Xtreme Xperience was founded by a pair of car aficionados who understand the thrill of commanding a $253,000 piece of four-wheeled poetry in motion, like the Lamborghini LP560. They know that exaggerating the pronunciation of Porsche is only half as fun as horsewhipping its 530 horsepower from 0 to 60 miles per hour in just 3.3 seconds. They realize that the Ferrari F430's supercharged Launch Control console button is too irresistible not to push coming out of every red light and into every dark, quiet, and hopefully vacant train tunnel. The smooth, spaceship-esque aluminum body shell of the Audi R8 makes them appreciate how discreet something like 782 rivets, 382 self-tapping screws, and more than 300 feet of welding can be. The people at Xtreme Xperience love supercars, and they love matchmaking them to other car enthusiasts who live to cruise across the great, oil-stained arteries of the American interstate-highway system.
For their willingness to brave the winter waters of Lake Michigan, the hosts of NBC’s Today Show called the crew at Third Coast Surf Shop a “philosophical group of hardy souls.” The surfers have accepted their lot in life with cheer, working with what they have by pioneering the art of lake surfing. They’ve also shown up on the CBS's The Early Show, National Public Radio, and Newsweek in their effort to expose Midwesterners to surfing and paddleboarding and expound upon the advantages of the Great Lakes as a surfing venue. Along the sweeping shorelines, six quadrillion gallons of fresh water rise up in wind-generated waves, which are more manageable for beginners than the larger swells in the ocean and less likely to contain depressing submarines tangled in plastic bags. When not fitting patrons with paddleboards, the team of instructors leads camps, where young surfers find their sea legs, construct sand castles, and play soccer while building social skills.:
Imagine holding a king salmon so heavy you can barely lift it for a picture, only to hear the captain yell a new fish just took another trolling rod down. The guides of Captain Hook's Charter Fishing venture into Lake Michigan for such trophies, taking anglers out for perch fishing, sport fishing, and salmon mooching. Operating one of the state's largest charter fleets, the captains can take up to 40 perch fishers on a climate-controlled party boat, or accommodate smaller groups of 4–5 anglers on a 31-foot Chris-Craft boat, starting at $400. A FAQ page preps guests before going out, covering topics such as how to get a fishing license and what pattern suit is customary fishing attire.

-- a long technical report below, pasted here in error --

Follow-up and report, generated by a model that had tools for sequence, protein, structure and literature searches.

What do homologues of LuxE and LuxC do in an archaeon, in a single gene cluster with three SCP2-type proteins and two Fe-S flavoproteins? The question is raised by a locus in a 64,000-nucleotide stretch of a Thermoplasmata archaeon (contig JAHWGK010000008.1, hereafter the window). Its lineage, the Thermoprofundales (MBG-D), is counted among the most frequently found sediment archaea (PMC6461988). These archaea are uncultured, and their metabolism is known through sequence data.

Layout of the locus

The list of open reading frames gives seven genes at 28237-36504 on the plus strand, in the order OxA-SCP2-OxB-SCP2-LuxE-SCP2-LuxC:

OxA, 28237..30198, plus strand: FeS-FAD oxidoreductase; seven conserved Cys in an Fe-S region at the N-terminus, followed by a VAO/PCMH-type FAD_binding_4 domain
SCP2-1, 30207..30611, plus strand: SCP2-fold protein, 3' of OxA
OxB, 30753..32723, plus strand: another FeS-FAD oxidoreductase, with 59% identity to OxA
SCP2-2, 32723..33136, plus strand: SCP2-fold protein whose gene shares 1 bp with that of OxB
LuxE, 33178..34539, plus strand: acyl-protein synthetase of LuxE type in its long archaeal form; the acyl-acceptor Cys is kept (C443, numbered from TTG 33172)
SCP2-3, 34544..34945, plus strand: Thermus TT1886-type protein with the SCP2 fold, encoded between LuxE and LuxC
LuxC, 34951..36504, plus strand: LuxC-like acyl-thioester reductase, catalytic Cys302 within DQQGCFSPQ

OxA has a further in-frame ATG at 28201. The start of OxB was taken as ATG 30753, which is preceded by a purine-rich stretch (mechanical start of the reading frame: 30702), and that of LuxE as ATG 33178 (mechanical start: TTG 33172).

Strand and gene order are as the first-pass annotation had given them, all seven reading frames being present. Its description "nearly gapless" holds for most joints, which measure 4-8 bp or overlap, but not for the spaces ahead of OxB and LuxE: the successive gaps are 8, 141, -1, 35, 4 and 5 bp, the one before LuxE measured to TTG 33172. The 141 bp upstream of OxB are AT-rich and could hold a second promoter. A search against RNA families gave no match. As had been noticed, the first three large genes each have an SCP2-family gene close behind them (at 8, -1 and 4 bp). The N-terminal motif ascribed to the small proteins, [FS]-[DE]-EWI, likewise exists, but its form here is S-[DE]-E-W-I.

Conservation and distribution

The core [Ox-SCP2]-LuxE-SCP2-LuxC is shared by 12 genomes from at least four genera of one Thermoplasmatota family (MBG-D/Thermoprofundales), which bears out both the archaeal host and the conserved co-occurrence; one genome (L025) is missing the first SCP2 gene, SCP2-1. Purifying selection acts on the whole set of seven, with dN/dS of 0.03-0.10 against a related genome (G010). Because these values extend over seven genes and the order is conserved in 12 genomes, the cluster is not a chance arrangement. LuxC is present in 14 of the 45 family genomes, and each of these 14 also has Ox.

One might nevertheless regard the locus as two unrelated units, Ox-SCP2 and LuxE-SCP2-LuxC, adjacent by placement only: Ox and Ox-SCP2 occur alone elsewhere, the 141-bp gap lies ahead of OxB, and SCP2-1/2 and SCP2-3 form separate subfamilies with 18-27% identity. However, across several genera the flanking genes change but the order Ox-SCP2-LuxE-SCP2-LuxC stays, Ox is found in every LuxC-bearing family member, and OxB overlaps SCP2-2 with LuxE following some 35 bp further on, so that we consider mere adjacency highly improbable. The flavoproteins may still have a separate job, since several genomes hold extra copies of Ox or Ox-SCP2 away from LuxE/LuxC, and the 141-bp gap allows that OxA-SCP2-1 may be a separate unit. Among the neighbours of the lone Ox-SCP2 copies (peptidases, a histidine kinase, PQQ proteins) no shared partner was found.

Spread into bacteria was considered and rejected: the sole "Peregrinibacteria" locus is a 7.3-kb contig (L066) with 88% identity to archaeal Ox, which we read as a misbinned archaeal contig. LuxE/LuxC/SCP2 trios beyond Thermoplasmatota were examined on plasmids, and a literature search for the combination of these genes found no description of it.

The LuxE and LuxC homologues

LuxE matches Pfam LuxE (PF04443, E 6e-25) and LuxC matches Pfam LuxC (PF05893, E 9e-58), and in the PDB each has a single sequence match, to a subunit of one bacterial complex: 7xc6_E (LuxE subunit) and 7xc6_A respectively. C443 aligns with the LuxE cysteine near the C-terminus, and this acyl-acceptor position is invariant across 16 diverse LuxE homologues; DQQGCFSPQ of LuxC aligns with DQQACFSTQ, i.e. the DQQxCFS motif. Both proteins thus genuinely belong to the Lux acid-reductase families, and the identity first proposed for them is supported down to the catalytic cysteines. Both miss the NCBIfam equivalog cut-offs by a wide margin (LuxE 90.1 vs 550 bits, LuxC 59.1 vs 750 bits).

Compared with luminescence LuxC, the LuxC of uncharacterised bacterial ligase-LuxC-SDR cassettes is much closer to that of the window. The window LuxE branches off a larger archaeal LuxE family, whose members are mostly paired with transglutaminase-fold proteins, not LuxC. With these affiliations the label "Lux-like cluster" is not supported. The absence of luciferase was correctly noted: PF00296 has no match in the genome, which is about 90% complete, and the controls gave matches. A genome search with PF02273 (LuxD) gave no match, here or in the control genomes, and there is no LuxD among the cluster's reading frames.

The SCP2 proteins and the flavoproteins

Located just inland of Lake Michigan, St. Joseph River Canoe & Kayak Livery provides a portal for navigating the gentle lapping waters of the St. Joseph River. Staffers oversee a brand new fleet of kayaks and canoes for half- or full-day charter trips, guided tours, and to purchase. Open Memorial Day through Labor Day weekend, the livery shares space with Fisherman's Wharf and Fisherman's Way Marina. The marina also offers 31 slips (nine of which are covered) for boaters to dock their vessel, as well as stainless-steel fish-cleaning stations and private showers for especially shy fish.
“What was a quiet section of Michigan 139 in central Berrien County has turned into a heaven of sorts for horse lovers,” writes a reporter for the South Bend Tribune. That 39-acre elysian stretch, surrounded by fertile Michigan vineyards, is Concord Ridge Equestrian Center. There, equines clip drumrolls against the soil on a cross-country course complete with banks and water jumps, and riders on the Natural Horsemanship Course brush up on skills such as posture and honking motions at passing clydesdales. The center’s teaching team dispenses instruction to eager pupils on the three outdoor arenas and two indoor arenas. Students can then take their newfound expertise out onto the network of riding trails or the nine pastures. Chatter about riding apparel and technique drifts from an upstairs lounge, where guests find WiFi, elevated bleachers, and a kitchen.